Go to this link to watch a video about the making of the book machine and a little more about the artist himself. Unfortunately I can’t embed the video, but go to the link, you wont be sorry!

Audio Book Review: Floors by Patrick Carman

I was looking for a fun light read, and after browsing through the children’s mystery section at my library ebooks/audiobook website I settled on Floors by Patrick Carman narrated by Jesse Bernstein.

Floors, Patrick Carman

Summary from GoodReads:

The Whippet Hotel is a strange place full of strange and mysterious people. Each floor has its own quirks and secrets. Leo should know most of them – he is the maintenance man’s son, after all. But a whole lot more mystery gets thrown his way when a series of cryptic boxes are left for him . . . boxes that lead him to hidden floors, strange puzzles, and unexpected alliances. Leo had better be quick on his feet, because the fate of the building he loves is at stake . . . and so is Leo’s own future!

I really enjoyed this book. I’m a big fan of books that revolve around children exploring a particular place. One of my favorites is From the Mixed-Up Files of Mrs. Basil E. Frankweiler by E. L. Konigsburg. Floors has a lot of similarities to The Mixed-Up Files.  First, the child protagonist is relatable. In The Mixed-Up Files, Claudia runs away from home because she feels misunderstood by her parents. Like Claudia, Leo’s motivation for his adventures  is understandable. He desires to help his father keep his job at the hotel.

Secondly, the child protagonist has a sense of adventure and wonder that helps keep my own alive. In The Mixed-Up Files Claudia chooses to runaway to the Metropolitan Museum of Art in New York City because she wants to live in a place of beauty and wonder. When she discovers a mystery at the museum she can’t help but be drawn in by her natural curiosity. In the same way, Leo is drawn into a mystery in the Whippet Hotel a place of full of strange curiosities because he can’t let a cryptic box puzzle go unsolved.

Which leads into my third point, that the child protagonist in each story uses practical resources at their disposal to solve the mystery. In the Mixed-Up Files Claudia and her brother go bathing in a wishing well to pick up coins and use them to buy necessities, and after hours sneak around the museum searching for clues. In Floors, Leo uses his new found ally and his knowledge of the hotel to solve puzzles and search for clues without getting caught.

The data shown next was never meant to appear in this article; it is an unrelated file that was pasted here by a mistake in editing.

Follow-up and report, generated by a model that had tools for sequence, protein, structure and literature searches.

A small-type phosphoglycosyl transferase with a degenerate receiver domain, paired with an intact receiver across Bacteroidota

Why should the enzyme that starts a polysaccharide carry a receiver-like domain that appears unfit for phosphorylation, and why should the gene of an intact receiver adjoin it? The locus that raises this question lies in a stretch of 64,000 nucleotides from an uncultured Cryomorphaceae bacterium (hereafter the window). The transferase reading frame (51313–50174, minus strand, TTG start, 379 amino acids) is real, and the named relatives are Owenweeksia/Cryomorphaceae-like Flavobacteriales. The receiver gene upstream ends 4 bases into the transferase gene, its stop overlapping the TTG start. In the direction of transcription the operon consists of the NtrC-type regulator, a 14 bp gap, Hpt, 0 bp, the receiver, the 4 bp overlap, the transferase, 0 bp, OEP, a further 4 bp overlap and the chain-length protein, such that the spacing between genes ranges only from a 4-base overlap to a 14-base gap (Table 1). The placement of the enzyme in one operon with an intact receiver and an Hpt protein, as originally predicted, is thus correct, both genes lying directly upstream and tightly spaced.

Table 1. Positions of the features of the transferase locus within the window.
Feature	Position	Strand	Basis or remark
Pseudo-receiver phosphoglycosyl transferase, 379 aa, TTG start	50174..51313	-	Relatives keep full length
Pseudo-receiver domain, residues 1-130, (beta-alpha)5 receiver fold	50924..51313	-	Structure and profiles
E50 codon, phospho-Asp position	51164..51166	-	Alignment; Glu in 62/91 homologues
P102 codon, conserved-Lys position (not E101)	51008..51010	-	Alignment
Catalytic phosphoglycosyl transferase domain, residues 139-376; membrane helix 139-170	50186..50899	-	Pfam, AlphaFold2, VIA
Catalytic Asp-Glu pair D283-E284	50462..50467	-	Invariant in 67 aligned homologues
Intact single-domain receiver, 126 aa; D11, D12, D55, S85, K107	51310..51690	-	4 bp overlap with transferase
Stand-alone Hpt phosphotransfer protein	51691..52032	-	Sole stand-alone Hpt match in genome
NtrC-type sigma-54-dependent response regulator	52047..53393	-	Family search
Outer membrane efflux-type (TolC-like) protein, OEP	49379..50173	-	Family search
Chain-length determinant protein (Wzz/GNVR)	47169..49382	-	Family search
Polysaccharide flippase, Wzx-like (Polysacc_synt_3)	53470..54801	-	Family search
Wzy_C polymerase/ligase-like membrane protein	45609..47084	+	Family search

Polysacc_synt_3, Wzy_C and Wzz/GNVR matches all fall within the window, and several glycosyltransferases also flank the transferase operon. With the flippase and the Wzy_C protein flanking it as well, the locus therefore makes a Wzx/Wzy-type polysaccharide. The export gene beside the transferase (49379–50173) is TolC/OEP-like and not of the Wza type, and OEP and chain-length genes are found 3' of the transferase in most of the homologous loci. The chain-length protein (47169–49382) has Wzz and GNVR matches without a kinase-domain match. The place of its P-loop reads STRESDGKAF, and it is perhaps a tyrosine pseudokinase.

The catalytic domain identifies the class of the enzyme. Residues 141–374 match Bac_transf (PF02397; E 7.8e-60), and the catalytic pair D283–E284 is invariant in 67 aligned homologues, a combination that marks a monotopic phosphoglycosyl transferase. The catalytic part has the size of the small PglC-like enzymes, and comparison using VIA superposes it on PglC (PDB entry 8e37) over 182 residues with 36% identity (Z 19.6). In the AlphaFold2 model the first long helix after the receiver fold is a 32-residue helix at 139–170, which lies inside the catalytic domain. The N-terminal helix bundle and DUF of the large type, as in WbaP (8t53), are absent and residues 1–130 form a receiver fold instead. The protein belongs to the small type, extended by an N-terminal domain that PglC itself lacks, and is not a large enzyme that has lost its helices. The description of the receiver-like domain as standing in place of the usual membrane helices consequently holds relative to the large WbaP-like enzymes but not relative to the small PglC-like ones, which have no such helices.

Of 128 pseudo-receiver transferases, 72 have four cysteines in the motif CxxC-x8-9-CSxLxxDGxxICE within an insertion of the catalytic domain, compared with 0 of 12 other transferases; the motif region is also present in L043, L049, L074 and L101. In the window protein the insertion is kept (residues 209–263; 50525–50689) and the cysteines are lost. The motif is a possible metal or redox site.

Jesse Bernstein is a fine narrator. He has narrated a lot of children’s and young adult books and his voice lends itself to that wonder and sense of adventure. Some of his voices were not that distinguishable, but that did not hinder my enjoyment of the book.

If you want a decent mystery (that you will probably figure out some of) set in a place of wonder, strange happenings, and full tilt excitement, check out Floors by Patrick Carman.

Top Ten Tuesday: Top Ten Book To Movie Adaptations I’m Looking Forward To or Ten Book To Movie Adaptations I Still Need To Watch

Top Ten Tuesday is a meme by The Broke and the Bookish where fellow book bloggers, and anyone who wants, can contribute to a themed top ten list. This weeks discussion centers around Top Ten Book To Movie Adaptations I’m Looking Forward To or Ten Book To Movie Adaptations I Still Need To Watch. (I’ve not stuck strictly with movie adaptations, sorry.) These are in no particular order, unless you count that they are in the order I thought of them.

1.The Magicians by Lev Grossman will be adapted into a TV series on the SyFy channel. Love The Magicians, read my review, and I can’t wait for this show. You can see a sneak peek here.

2. Mocking Jay Part 2: I love Katniss, and while the movies may not be exactly like the books, I still love them. So very much.

3. Paper Towns by John Green. First I need to read this book and then I can watch the movie. I’ve avoided John Green even though I know he is an excellent writer because I avoid sad endings, and from what I hear that is all his stories. But this trailer entices me to delve into that abyss.

4. The Hobbit: The Battle of the Five Armies. My husband is not a fan of the adaptation of The Hobbit. And I get it, they added a lot of unnecessary things to make it a three movie money maker, but I still really want to see it.